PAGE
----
For many years, those working at licensing and patent sales for hundreds of buyers and sellers have always realized that "telling the story" was essential. An industry standard, if not the industry standard, was a 2-pager flyer with sections on Business, Market, Technology, Valuation, and Claims Charting, etc. to create interest and then leads. Buyers or licensees had their own information requirements, but it always came down to the overlap of interest and good patents. New in the industry is a video of the IP to be sold or licensed. Seems like most people will open a 3-4 minute video but will not read a 2 page or longer package to get interest. But what is the formula for the marketing video: actors, sets, music; what do IP brokers now have to do?
Here are some keys. First, is to, "Showoff Your Personality." Whatever it is being producing, be honest about the capabilities and the skills required to make a video and who should do the video. Watchers love to learn about the personalities of IP owners, and their brand, by getting a glimpse behind the curtain. If the IP is about a prototype, footage of the product is key. If the prowess of the inventor is available, background history is important. There are many things that could trigger a call or meeting, but almost always the inventor's story will break the ice and boost credibility once personality is added to the video.
Next, "Explain what the IP is about." It is important to consider the audience for the video: the buyer could be a VP of Engineering, a company attorney, the CEO. etc. It is important to cover the multiple points of views of the audience. Care should be taken to send the video to the points of view the video is made for. There could be multiple videos for multiple points of view. And beware, it is surprisingly easy for someone who knows their IP better than anyone else to make the error of assuming the viewer can figure out the invention and IP. It may be helpful in any video to err on the side of over-explaining. Use video annotations to point out key areas for the viewers to understand.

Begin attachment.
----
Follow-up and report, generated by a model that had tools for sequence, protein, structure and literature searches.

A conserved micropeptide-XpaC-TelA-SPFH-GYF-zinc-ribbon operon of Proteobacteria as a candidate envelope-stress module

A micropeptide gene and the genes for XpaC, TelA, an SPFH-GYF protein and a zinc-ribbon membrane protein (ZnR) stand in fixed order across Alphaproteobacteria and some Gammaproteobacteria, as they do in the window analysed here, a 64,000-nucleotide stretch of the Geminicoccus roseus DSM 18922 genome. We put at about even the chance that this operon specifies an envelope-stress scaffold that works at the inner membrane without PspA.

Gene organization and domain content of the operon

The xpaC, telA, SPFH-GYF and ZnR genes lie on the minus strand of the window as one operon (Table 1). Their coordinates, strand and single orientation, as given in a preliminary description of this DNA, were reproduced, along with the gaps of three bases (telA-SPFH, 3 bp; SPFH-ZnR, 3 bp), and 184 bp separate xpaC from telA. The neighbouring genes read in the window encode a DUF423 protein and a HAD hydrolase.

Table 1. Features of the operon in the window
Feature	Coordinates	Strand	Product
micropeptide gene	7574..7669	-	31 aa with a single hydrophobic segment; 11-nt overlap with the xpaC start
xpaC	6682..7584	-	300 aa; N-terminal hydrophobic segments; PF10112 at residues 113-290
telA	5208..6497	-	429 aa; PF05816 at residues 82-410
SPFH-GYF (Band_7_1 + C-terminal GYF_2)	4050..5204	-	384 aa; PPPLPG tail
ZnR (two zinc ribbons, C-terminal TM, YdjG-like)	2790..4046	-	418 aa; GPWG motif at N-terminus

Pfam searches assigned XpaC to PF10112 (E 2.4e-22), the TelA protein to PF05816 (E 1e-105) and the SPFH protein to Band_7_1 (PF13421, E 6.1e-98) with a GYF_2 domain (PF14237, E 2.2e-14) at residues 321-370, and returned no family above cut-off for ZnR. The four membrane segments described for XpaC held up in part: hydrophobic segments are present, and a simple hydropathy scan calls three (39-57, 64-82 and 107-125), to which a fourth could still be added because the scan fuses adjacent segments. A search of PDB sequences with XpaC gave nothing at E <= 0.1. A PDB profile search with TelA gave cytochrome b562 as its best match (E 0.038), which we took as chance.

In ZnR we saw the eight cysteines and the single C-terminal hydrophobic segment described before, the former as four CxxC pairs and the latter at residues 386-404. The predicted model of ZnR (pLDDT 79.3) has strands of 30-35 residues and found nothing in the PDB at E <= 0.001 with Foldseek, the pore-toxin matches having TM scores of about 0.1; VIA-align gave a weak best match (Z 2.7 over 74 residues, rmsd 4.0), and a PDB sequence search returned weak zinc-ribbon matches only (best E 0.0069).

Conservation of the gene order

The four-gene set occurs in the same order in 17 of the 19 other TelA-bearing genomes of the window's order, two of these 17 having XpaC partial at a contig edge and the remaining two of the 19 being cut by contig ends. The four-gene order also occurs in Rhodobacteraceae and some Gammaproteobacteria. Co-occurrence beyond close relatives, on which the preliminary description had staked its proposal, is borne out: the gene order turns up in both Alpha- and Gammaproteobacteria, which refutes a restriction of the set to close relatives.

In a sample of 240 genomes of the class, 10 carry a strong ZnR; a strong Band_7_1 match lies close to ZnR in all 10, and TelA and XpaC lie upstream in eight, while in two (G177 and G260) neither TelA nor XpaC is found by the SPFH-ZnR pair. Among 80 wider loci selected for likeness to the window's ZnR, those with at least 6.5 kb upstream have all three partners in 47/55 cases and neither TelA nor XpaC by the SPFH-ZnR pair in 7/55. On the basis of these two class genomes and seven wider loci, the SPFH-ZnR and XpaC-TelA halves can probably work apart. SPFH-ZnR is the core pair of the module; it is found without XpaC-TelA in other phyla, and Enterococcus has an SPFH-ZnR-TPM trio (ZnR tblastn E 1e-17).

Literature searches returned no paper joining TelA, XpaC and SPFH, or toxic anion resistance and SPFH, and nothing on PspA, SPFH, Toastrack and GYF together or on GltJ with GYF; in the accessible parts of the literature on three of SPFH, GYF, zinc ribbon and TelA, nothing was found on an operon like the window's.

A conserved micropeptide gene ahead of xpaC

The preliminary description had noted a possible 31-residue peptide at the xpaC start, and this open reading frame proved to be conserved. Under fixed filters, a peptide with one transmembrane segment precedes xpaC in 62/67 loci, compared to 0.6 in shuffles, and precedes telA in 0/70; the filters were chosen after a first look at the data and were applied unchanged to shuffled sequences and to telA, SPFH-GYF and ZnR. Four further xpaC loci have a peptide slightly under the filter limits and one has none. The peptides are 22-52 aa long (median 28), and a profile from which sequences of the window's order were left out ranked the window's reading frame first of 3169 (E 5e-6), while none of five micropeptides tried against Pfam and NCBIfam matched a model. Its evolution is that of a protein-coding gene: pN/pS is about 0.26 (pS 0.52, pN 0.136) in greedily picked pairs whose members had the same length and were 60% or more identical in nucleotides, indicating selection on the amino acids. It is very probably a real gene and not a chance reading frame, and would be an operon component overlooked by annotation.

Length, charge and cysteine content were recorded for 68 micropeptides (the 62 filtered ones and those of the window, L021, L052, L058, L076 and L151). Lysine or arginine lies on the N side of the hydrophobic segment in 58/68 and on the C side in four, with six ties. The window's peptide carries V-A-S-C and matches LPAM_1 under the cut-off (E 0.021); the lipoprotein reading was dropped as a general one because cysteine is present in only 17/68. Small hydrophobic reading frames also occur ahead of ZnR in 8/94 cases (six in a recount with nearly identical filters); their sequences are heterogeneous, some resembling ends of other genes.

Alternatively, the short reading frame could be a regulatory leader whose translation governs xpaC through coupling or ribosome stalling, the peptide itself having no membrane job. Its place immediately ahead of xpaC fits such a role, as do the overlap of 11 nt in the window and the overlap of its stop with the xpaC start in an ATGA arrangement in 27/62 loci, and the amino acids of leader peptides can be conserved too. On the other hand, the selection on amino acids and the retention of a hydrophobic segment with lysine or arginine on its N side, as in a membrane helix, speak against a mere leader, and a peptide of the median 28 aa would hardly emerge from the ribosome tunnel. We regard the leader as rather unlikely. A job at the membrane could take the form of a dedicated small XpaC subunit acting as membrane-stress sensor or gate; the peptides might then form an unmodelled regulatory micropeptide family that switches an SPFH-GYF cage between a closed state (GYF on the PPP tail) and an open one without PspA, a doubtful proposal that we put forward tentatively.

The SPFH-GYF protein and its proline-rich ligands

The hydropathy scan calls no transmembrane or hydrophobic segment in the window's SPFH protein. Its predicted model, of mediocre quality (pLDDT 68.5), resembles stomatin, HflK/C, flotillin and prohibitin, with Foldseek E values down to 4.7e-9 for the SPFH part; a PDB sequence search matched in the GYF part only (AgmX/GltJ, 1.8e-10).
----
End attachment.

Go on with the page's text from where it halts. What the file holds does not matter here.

Next is to "Add the value of the IP to the Buyer; why would they want the IP?". Not everyone will want to view a video unless it is short, but the ones that will view the short video will share more quickly and in a more pleasing way, the value of the IP to the buyer, and this may be the one reason they will move to more diligence for a potential deal. So, having a powerful intro story that is then followed up in more detail is the secret to success. A script might - or should - take dozens of rewrites until it's right.
Finally, "Tell a great IP story." The video is a story. Yes, there need to be facts, but consider a high-level understanding about the inception of the invention(s). What drove the inventor to invent, what was the work it took to get the invention through the process, what were the effort of the patent counsels, how will the market value the invention, and how are the claims strong? All of these should be presented in a non-threatening way.
Last note, there are many companies that can create a 2-4 minute video for $4-5K, or even less. But, remember telling a great IP story is key. Yes, make videos of the inventor / owner, buy stock video and audio snippets, produce snappy graphics, but it is vital to find a director who is talented and has experience in helping IP deals. IP brokers, welcome to Hollywood!